Christopher Ferguson

Professor of Psychology

"It may take more muscles to frown than to smile but I am into exercise."

  • PhD, clinical psychology, University of Central Florida
  • MS, developmental psychology, Florida International University
  • BA, psychology, Stetson University


Christopher Ferguson


Christopher Ferguson holds a PhD in clinical psychology from the University of Central Florida. He has clinical experience particularly in working with offender and juvenile justice populations as well as conducting evaluations for child protective services. In 2013 he was awarded a Distinguished Early Career Professional Award from Division 46 (media psychology and technology) of the American Psychological Association. In 2014 he was named a fellow of the American Psychological Association through Division 1 (General Psychology, effective January, 2015). In addition to his academic work he has published a historical mystery novel entitled Suicide Kings, and plays a bit of Pink Floyd-ish sounding music under the band name "Gods of Avalon." He lives in the Orlando area with his wife and young son.

More About Christopher Ferguson

Areas of Expertise

  • Media effects
  • Violence
  • Aggression
  • "Sexy" media
  • Video games
  • Virtual reality
  • "Thin ideal" media

Course Sampling

  • Forensic psychology
  • Video games and society
  • Media and behavior
  • Internship
  • Neuropsychology
  • Introduction to Psychology

  • Video game and other media violence effects
  • Thin-ideal media and body dissatisfaction in girls and women
  • Advertising effects on health eating choices
  • "Sexy" media and sexual behavior
  • Meta-analysis
  • Violent criminal behavior


  • Ferguson, C. J. (2013). Suicide Kings. The Wild Roses Press
  • Carpenter, D. and Ferguson, C. J. The everything parent's guide to dealing with bullies. Avon, Massachusetts: Adams. (2009)
  • Ferguson, C. J. (ed.). Violent crime: Clinical and social implications. Thousand Oaks, California: Sage. (2009)

Selected Articles in News/Magazines

Selected Journal Articles and Book Chapters

  • Ferguson, C.J. (in press). Everything in moderation: Moderate use of screens unassociated with child behavior problems. Psychiatric Quarterly.
  • Ferguson, C.J., Colon-Motas, K., Esser, C., Lanie, C., Purvis, S., & Williams, M. (in press.) The (not so) Evil Within? Agency in video game choice and the impact of violent content. Simulation and Gaming.
  • Decamp, W., & Ferguson, C.J. (in press). The impact of degree of exposure to violent video games, family background, and other factors on youth violence. Journal of Youth and Adolescence.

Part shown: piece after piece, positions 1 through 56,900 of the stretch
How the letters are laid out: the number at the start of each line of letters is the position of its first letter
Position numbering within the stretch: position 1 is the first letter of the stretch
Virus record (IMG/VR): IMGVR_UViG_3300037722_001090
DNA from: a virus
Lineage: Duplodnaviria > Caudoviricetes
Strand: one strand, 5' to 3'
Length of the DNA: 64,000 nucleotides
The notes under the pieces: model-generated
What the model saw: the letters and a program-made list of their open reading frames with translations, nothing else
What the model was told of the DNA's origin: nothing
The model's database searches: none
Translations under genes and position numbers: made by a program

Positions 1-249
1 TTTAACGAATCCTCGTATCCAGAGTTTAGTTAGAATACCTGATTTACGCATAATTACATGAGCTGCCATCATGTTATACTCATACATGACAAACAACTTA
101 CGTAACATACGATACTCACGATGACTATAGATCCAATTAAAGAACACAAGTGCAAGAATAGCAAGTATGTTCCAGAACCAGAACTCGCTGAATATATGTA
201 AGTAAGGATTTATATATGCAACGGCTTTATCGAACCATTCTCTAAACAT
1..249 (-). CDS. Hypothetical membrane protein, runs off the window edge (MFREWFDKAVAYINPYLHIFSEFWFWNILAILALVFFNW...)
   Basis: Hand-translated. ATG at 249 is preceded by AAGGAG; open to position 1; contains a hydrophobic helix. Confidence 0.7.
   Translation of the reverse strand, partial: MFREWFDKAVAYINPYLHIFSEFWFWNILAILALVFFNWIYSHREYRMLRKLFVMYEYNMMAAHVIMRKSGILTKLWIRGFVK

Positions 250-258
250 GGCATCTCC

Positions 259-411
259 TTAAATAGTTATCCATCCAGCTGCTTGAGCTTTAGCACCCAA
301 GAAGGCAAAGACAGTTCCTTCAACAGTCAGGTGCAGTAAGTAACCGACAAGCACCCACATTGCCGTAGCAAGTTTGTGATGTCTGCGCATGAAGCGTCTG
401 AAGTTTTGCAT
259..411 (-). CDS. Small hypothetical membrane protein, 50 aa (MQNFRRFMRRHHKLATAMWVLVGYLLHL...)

• Ferguson, C.J., Nielsen, R.K.L., & Markey, P. (in press). Does sexy media promote teen sex? A meta-analytic and methodological review. Psychiatric Quarterly.
  • Ferguson, C.J., Nielsen, R.K.L., & Maguire, R. (in press). Do older adults hate video games until they play them? A proof-of-conceptstudy. CurrentPsychology.
  • Ferguson, C.J., & Colwell, J. (in press). A meaner, more callous digital world for youth? The relationship between violent digital games, motivation, bullying and civic behavior amongst children. Psychology of Popular Media Culture.
  • Griffiths, M.D., Van Rooij, A., Kardefelt-Winther, D., Starcevic, V., Király, O...Ferguson, et al. (in press). Working towards an international consensus on criteria for assessing Internet Gaming Disorder: A critical commentary on Petry et al (2014). Addiction.
  • Ramos, R., Ferguson, C. J. & Frailing, K. (2016). Violent entertainment and cooperative behavior: Examining media violence effects on cooperation in a primarily Hispanic sample. Psychology of Popular Media Culture, 5, 119-132.
  • Roy, A., & Ferguson, C.J. (2016). Competitively versus cooperatively? An analysis of the effect of game play on levels of stress. Computers in Human Behavior, 56, 14-20.
  • Merritt, A., LaQuea, R., Cromwell, R., & Ferguson, C.J. (2016). Media managing mood: A look at the possible effects of violent media on affect. Child and Youth Care Forum, 45, 241-258. DOI 10.1007/s10566-015-9328-8
  • Ferguson, C. J., Trigani, B., Pilato, S., Miller, S., Foley, K., & Barr, H. (2015). Violent video games don't increase hostility in teens but they do stress girls out. Psychiatric Quarterly, 87(1), 49-56.
  • Ferguson, C. J. (in press). "Do angry birds make for angry children? A meta-analysis of video game Influences on children's and adolescents' aggression, mental health, prosocial behavior and academic performance."Perspectives on Psychological Science.
  • Ferguson, C.J. (in press). "Does media violence predict societal violence. It depends on what you look at and when." Journal of Communication.
  • Kneer, J., Rieger, D., Ivory, J. D., and Ferguson, C. (2014). "Awareness of risk factors for digital game addiction: Interviewing players and counselors." International Journal Of Mental Health And Addiction, doi:10.1007/s11469-014-9489-y.
  • Ramos, R., Ferguson, C. J. and Frailing, K. (in press). "Violent entertainment and cooperative behavior: Examining media violence effects on cooperation in a primarily Hispanic sample." Psychology of Popular Media Culture.
  • Ferguson, C. J. (in press). "Social media, societal changes, and mental health: You can live online wholesale." In C. Markey (Ed.), Encyclopedia of Mental Health (2nd Edition). Oxford, UK: Elsevier.
  • Ferguson, C. J., and Negy, C. (in press). "Development of a brief screening questionnaire fo. histrionic personality symptoms." Personality and Individual Differences.
  • Ferguson, C. J. (in press). "Violent video games, mass shootings and the Supreme Court: Lessons for the legal community in the wake of recent free speech cases and mass shootings." New Criminal Law Review.
  • Ferguson, C. J. (in press). "Is Reading 'Banned' Books Associated with Behavior Problems in Young Readers. The Influence of Controversial Young Adult Books on the Psychological Well-Being of Adolescents." Psychology of Aesthetics, Creativity, and the Arts.
  • Ferguson, C. J., and Ceranoglu, T. A. (in press). "Attention problems and pathological gaming: Resolving the 'chicken and egg' in a prospective analysis." Psychiatric Quarterly.